By Jake Rossen
By Jesse Marx
By Michelle LeBow
By Alleen Brown
By Maggie LaMaack
By CP Staff
By Jesse Marx
When I was a youngling in the '80s, my aunt (a sexy Italian housewife with a surly Doberman and a topless Jeep) used to coerce me into watching Martha Stewart's TV specials with her. At the time, Martha wasn't yet a billionaire or even a widely recognized figure. She was merely a grim Hamptons blonde with such baroque taste in cookie decor that Fabergé himself might have urged her to cool it. Still, her fastidious kitchen technique was already legendary among DIY gourmands. While watching one episode, my aunt took copious notes as her hero demonstrated the proper way to spin sugar. Martha flung ropes of sticky syrup at a baking sheet until they were reduced to iridescent floss, then fashioned the spun sugar into darling edible bird nests. "See?" Martha said, her padded shoulders heaving with exertion. "Beautiful." My aunt nodded, enthralled. I shuddered, fearful of the future.
You see, I am the anti-Martha. I don't even like to heat soup, let alone alter the physical properties of boiled glucose. If my guests want to eat a nest, they'll have to forcibly evict a blue jay and run like hell. And forget ambiance: My table setting usually consists of a burning stick of Nag Champa, a few cloudy forks, and a roll of paper towels. That's why I should be thankful for a show like Semi-Homemade Cooking with Sandra Lee, which promises to transform shiftless louts like me into domestic mavens. Got a seasoning packet, a bottle of Popov, and about 15 minutes? Then you're halfway to a three-course meal--let Sandra show you how!
Sandra Lee is classically telegenic--blond, slender, and unafraid to flaunt her cookies under clingy Fair Isle sweaters. She's also the soon-to-be-ex-wife of housing mogul Bruce Karatz. Some people suggest that nepotism advanced Lee's TV career, and those people might be correct. However, to Lee's credit, she's penned a couple of popular cookbooks using her signature "Semi-Homemade" formula (70% readymade products + 30% fresh ingredients = store-bought Bundt cake disguised as Linzer torte). Also, Lee peddled a successful line of window treatments on QVC a few years ago, so she's not without credibility in the lifestyle sphere. Still, Martha's minions are horrified by Lee's unpretentious shtick. Here's this woman--this dizzy, unschooled Cheez Wiz apologist who probably doesn't even know what a caper is--polluting their precious Food Network with her cut-rate preservative-laden glop! How dare she! While I admit these elitists' scorn isn't baseless, I kind of enjoy watching them squirm. In your face, Kitchen Mafia! Finally, a show for those of us who cook with Campbell's labels and Pyrex.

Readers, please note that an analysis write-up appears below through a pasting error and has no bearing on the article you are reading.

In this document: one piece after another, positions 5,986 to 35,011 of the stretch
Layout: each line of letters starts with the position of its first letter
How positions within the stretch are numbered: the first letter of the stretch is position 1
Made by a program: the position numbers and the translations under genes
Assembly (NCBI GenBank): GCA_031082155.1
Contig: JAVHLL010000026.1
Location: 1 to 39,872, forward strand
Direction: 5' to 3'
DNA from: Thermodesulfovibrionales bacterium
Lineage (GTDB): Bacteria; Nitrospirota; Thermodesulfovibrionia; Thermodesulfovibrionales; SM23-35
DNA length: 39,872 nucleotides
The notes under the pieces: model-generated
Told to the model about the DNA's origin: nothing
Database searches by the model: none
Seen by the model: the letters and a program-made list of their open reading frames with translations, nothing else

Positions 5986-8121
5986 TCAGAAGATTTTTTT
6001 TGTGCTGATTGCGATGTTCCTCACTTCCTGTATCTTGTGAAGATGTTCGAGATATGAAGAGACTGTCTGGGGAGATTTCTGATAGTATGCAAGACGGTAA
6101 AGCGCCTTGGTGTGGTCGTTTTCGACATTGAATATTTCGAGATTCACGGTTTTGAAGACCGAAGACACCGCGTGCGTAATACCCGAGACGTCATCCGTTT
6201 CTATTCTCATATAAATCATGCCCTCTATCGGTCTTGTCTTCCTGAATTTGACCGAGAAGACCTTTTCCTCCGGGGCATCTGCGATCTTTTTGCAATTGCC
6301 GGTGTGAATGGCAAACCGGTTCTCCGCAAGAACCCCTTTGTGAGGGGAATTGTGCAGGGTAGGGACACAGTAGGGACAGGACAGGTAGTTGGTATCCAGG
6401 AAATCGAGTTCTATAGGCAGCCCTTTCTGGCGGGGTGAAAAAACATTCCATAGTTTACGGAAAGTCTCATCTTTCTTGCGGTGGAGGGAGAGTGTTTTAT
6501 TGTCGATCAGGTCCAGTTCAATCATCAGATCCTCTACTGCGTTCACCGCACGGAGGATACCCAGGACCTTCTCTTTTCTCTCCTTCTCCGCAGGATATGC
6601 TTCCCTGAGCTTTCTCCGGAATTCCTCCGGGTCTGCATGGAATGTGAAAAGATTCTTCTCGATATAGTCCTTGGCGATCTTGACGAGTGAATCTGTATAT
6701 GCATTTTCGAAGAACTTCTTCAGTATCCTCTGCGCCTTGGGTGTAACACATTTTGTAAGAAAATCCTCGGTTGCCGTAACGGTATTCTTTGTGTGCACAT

Lee revels in ranch dressing, prefab crab, Cool-Whip, and those firm silos of refrigerated cookie dough. In one episode, she dumped a jar of marshmallow fluff on a bowl of canned yams and congratulated herself for making it look "professional." In another, she took cultural awareness to a new level by pouring Corn Nuts (yes, the preferred convenience store snack of Heathers everywhere) on a Kwanzaa cake. (Don't believe me? Run a search on the Food Network website.) And every meal is paired with a signature cocktail, or as Lee likes to call them, "'tinis." Most of these drinks are alcoholic enough to fuel a golf cart, and Lee samples each one with a lusty slurp. The libations seem fitting for the food. If your recipe includes a packet of "orange cheese powder," why bother consulting a sommelier? Lee's technique might not be impeccable (watch her blithely scrape that nonstick pan with a metal spatula!), but at least it's familiar. You can watch Semi-Homemade Cooking and feel decent about yourself, whereas the Marthas of the world--with their sugar work and their pastry cutters and their radish rosettes--make fledgling cooks feel gauche, clumsy, and strapped for time.
Lee's personality is even more accessible than her food. She whoops like a Tri-Delt on spring break when a recipe comes out well (it's the Girls Gone Wild version of Emeril's "Bam!"). She abuses the word "literally," as in, "I literally want you to put the ham in the oven," as if we would otherwise think the command was figurative. She regales viewers with apropos-of-nothing stories about her best friend Colleen, a single mom who apparently likes White Russians (the drink). Watching Lee cook is like watching your bubbly sister throw together a casserole after work. She's refreshingly imprecise, even a little reckless. It's like reality TV in that this is how most of America actually cooks. And Lee is a rebel: baiting her critics, bemoaning the "foodies" who have lambasted her in the press, refusing to apologize for using garlic from a jar. She's almost, dare I say it, semi-punk-rock.
I'd never attempted to replicate a cooking show recipe until I joined the Cult of Sandra. Recently, I decided to take a crack at her spicy beef skewers (flank steak + taco seasoning packet = crazy delicious) and corn salsa (canned corn in a Latin-themed disguise). My family downed the grub as if it were manna from heaven. Hell, they were pleasantly surprised that I'd bothered to fire up the oven. I imagine this is the sort of conclusion Lee hopes for: a well-fed gang, a well-rested "chef," and plenty of time left for a round of Flaming Everclear Melontinis. Maybe it's time to redefine the perfect meal.